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Paul P. Baard's Motivation Matters: Confused messages can cause trouble

By DR. PAUL P. BAARD
November 12. 2017 9:17PM




Because so much of what we do at work entails communication, it’s no wonder there is so much potential for mishaps.

Having served as a senior executive in business and as an organizational psychologist in academe, I have had the advantage of seeing ineffective communication up close, as well as being familiar with the research.

Let’s look at some specific examples that illustrate irritations, which are part of too many exchanges, and which can be real motivation zappers.

Mind-reading

While this can be fun when done by an entertainer at a show or circus, it loses its luster when practiced at work. The following is an example from real life early in my days as a manager in a major research organization.

When a client saw the overnight rating for its news show dropped precipitously from its recent level, she promptly called her rep, questioning its accuracy. She had been told the matter would be investigated by the company’s production center and that she would be contacted with the findings.

A few hours later, the client decided she would like to purchase a special analysis to examine the “audience flow” more closely. She placed another call to her rep, indicating it was urgent.

It was now two hours later, and that call was not returned. The client called me out of frustration at not getting a phone call returned by her account representative, who reported to me. It was a simple matter turned ugly.

I contacted the rep to understand his delay. He said he knew why she was calling, but the production center was not done with its investigation. I told the rep that was not why she was calling this second time; the client wanted to commission a special study. The rep was bewildered. He had a hypothesis, but treated his notion as if it were a fact. I am reminded of a statement that has been attributed to Will Rogers “It ain’t so much what I don’t know that gets me in trouble. It’s what I know that ain’t so.” Often the correct answer to wondering what was meant by a remark or behavior is: “I don’t know.” This would logically lead one to go and ask. Which is OK unless you are dealing with the next ineffective communication technique.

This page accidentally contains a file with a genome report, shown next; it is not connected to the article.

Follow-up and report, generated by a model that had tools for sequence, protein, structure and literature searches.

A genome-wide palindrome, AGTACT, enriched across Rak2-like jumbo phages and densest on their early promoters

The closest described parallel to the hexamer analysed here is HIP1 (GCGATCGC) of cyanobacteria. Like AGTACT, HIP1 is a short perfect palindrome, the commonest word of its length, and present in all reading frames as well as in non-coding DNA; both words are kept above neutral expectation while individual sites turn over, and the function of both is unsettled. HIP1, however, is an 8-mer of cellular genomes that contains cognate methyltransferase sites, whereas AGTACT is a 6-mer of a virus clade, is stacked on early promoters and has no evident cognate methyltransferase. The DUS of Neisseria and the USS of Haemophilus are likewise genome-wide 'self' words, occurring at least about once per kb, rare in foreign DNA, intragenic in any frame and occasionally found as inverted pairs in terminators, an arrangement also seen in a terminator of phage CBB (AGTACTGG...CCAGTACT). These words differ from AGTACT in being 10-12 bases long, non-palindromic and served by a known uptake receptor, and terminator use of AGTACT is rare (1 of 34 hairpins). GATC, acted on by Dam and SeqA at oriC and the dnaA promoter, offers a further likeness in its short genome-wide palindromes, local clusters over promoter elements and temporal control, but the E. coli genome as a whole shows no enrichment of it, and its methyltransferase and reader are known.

Deception

Without going into a “white lie” discussion, let’s accept that a call for truth-telling need not require going out of one’s way to render an opinion about the attractiveness (or lack thereof) of your boss’s new grandchild-painted tie. Suffice to say that judgment and discretion should be exercised.

Here’s a next level of deception. An invitation is extended to you to attend a colleague’s birthday party next Saturday. “That sounds great. I’ll put it on my calendar!” Notice he did not state clearly that he was coming. Scott Adams would call that “weasel-wording.”

Taking matters to the corporate level, the following actually occurred at a Wall Street firm. Two junior executives were teamed up to present an investment opportunity to all employees in the firm. They approached management to schedule a series of internal presentations. When asked how long it would take, they said 45 minutes. When told that was too much time to ask of so many busy people, they countered with “Tell them it will only take 30 minutes. We’ll just ‘run over.’” These two ambitious, though deceptive, executives lost their credibility.

One of the essential ingredients in motivation is trust. If it is not in place, intrinsic motivation cannot occur.

Space does not allow me to give other examples of problematic communication, such as flattery, hyperbole, coarse language ... The list is a long one.

Removing roadblocks to effective communication is certainly in the domain of an executive’s development of his or her people. Being aware of the role of communication in supporting a motivating environment is key.

Dr. Paul P. Baard is an organizational psychologist, specializing in motivation, with Fordham University, a former senior line executive in the television industry, and the lead author of a book on leadership and motivation. He and Veronica Baard, a former managing director responsible for HR at a major international investment banking firm, head up Baard Consulting LLC, a firm in the greater Boston area, focusing on motivation, conflict reduction, and team building. Questions are welcomed at pbaard@baardconsulting.com.



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